Behind the Scenes of a Nude Photography Project in Quarantine

Kate Storey
Photo credit: Spencer Tunick
Photo credit: Spencer Tunick

From Esquire

Until COVID-19 struck, the hallmark of Spencer Tunick's artwork was lots and lots of naked people packed together. He's perhaps known best for his shoot of 100 nude women gathered at sunrise in Cleveland in 2016 to make a statement outside of the Republican National Convention. They met in a secret location to evade any cops who might try to stop them—Tunick has been arrested a handful of times while creating his art.

This year, he planned to go to Mexico to direct participants in a butterfly refuge, in an effort to bring attention to conservation. But when the COVID-19 quarantines began, the plans were abruptly canceled. He spent weeks wandering around his home aimlessly, typing “vaccine” into Google over and over, unsure of what to do while he was unable to work. He lives in the town of Ramapo in New York’s Rockland County, where Governor Andrew Cuomo declared a containment zone due to the number of coronavirus cases. And he has a relative recovering from the virus. He considered organizing something local, with participants standing 12 feet apart but decided against it.

“Everything is so overwhelming to me right now that I just couldn’t even lift a finger to do anything. It’s so weird. I had this whole list of things I wanted to do. I was going to go through my negatives, I was going to learn Lightroom, which is a photo editing application,” Tunick says. “I was like, I’m going to do so much at home and then I just got so depressed that I couldn’t even do anything. The days just went so fast.”

Photo credit: Spencer Tunick
Photo credit: Spencer Tunick

Then his collaborator and Studio 333 curator Alonso Gorozpe reached out about organizing a shoot via video conference. And they got to work looking for participants willing to pose nude while quarantined at home. For the project, which he's calling Stay Apart Together, they looked for people of all ages from the U.S., Mexico, Thailand, South Africa, India, Denmark, Lebanon, Argentina, Poland, Germany, Uruguay, Australia, Philippines, Canada, Netherlands, Israel, Ireland, Italy, Lebanon, Malaysia, Belgium, Colombia, France, and Italy. Tunick gave no direction about where the participants would be in their homes—most posed in living rooms and bedrooms. The quarantine locations, the contrasting backgrounds, become a part of the art. And he asked them to have masks to pose with— just not the n95 ones meant for medical professionals.

Photo credit: Spencer Tunick
Photo credit: Spencer Tunick

After the group joined the video conference, Tunick explained what they'd be doing. Then he counted to three, and everyone took off their clothes.

For about 20 minutes, Tunick directed the group, telling them how to pose, what to hold. But instead of his Fujifilm GFX100, a Medium format 100 Megapixel camera, he dragged his mouse to screenshot the images. It may not have been his usual camera, but it had that same satisfying click.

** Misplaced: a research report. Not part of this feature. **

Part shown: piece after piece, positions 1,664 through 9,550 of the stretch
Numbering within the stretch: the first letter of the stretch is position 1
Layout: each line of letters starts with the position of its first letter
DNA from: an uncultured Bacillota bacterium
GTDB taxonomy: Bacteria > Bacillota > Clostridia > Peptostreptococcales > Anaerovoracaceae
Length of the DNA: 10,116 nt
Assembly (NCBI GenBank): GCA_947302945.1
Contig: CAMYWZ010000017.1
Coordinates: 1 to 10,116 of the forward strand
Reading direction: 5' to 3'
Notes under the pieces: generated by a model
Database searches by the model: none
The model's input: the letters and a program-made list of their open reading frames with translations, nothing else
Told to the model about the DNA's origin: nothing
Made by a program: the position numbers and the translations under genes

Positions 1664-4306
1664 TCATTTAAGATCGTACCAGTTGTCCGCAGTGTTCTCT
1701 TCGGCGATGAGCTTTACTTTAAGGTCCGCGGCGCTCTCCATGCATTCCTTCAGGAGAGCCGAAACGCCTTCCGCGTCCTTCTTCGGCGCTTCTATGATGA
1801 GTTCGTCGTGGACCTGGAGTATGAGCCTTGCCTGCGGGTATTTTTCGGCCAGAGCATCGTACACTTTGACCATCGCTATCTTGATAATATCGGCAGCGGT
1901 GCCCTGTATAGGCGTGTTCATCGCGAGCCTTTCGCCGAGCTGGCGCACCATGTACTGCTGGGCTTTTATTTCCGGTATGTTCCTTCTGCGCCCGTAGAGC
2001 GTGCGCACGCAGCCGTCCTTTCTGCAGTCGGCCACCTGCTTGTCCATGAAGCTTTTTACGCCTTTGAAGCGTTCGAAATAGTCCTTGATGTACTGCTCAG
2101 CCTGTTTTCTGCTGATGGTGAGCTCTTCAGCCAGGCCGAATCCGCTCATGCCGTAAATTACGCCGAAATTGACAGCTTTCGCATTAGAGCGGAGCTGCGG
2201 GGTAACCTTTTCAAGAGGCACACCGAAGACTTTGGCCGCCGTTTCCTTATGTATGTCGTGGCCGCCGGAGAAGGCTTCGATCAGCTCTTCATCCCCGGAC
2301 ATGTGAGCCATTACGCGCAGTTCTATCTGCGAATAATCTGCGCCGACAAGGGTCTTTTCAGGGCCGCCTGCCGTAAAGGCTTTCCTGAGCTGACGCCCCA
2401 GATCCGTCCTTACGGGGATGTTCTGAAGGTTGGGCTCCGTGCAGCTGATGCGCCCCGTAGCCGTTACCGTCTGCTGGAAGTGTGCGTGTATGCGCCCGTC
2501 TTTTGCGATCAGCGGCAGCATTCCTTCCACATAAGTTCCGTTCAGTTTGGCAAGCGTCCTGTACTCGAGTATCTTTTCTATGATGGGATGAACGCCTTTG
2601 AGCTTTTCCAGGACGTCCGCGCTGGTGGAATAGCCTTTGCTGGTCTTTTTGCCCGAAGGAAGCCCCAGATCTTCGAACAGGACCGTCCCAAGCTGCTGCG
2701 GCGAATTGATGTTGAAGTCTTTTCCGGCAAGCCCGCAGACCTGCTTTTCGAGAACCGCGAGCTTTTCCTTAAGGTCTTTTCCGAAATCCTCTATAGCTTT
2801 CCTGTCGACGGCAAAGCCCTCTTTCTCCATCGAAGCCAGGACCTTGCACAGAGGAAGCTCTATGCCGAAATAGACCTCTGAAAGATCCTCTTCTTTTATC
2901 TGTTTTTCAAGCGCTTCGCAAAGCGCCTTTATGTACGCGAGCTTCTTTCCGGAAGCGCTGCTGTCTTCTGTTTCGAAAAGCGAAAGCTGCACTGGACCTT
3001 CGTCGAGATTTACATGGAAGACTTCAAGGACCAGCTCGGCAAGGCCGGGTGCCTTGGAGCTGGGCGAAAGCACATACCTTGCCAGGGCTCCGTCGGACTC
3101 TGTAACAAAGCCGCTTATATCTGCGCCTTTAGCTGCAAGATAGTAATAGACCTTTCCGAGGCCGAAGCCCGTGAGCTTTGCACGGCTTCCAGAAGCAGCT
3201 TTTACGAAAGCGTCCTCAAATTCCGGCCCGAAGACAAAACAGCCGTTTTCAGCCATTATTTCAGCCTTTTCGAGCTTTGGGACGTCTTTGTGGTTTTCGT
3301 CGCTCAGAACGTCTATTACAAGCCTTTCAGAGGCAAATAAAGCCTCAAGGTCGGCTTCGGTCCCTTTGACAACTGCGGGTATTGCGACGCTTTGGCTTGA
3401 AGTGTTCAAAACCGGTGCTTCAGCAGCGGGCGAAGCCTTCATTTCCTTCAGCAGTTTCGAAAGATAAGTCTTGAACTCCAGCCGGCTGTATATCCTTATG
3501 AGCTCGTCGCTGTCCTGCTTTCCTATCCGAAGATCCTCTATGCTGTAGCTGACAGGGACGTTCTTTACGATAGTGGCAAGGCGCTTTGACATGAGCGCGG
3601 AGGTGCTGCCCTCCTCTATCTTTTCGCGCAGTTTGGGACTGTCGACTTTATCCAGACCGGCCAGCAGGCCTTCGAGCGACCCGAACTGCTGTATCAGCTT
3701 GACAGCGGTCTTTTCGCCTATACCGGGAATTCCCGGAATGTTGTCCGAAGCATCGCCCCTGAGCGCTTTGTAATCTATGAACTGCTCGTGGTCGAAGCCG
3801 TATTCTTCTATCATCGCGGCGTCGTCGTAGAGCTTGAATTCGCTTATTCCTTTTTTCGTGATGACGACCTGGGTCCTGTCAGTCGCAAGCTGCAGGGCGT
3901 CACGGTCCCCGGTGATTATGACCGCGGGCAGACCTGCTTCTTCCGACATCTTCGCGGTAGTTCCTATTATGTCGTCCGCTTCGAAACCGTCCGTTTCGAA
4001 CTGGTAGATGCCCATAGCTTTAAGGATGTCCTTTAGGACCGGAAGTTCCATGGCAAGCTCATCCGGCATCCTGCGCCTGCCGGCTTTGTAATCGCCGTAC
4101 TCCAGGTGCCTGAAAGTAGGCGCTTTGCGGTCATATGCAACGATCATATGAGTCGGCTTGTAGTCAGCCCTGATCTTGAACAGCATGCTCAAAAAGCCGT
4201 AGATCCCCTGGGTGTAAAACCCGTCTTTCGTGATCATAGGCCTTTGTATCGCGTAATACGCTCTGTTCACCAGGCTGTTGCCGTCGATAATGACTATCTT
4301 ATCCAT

Photo credit: Spencer Tunick
Photo credit: Spencer Tunick

While the power in Tunick's art usually lies in seeing the human body in nature, which we so rarely see, the nudity in quarantine is meaningful in a different way. People remain separated, protected from the virus in their own homes. He sees a connection from strangers being nude together under these dire and unusual circumstances.

One model, Sara Gonzalez, is quarantined with her family, at her parents’ house in Mexico City. The 25-year-old had been living in New York, studying to become a chef, but went home after her campus and dorms closed. This weekend, her cousin called and asked if she wanted to be in one of Tunick’s installations. Once her cousin explained she wouldn’t need to leave the house, Gonzalez excitedly agreed. She locked the door, and opened her computer.

“[My family is] very conservative, so I felt like a teenager hiding to do something forbidden, even though I knew that I was—and am—proud of being in the project and doing nothing wrong,” she says. “It makes me think of all the music and art that are being created, of all the people that have started dancing and meditating again, of all the families that now have time to actually be together and makes me see that we have the ability to find art even in the hardest of situations.”

Photo credit: Spencer Tunick
Photo credit: Spencer Tunick

Over the last few days, Tunick has organized groups of 9 and 25 people, and he plans to continue with the shoots this week, for a total of 100 people. The final images will be available on his Instagram page and website. (The versions on Instagram are censored—Tunick has been fighting censorship on social media platforms for years. He wouldn’t specify the video conference platforms he used for this project because of censorship concerns.)

Tunick says the final project, with participants separated by the grid format of the video conferencing interface, reminds him of 1970s art from Annie Sprinkle, Yoko Ono, and John Waters. But in 2020, the contrast is in using those familiar quadrants, which have been our new primary mode of communication during this crisis, transformed into art. Tunick hopes the end results help start a movement.

Photo credit: Spencer Tunick
Photo credit: Spencer Tunick

“I hope people take off their clothes and make their own with their own friends. I hope this continues and doesn’t start and stop with me,” he says. “It’s really great to have platonic intimacy on video chat.”

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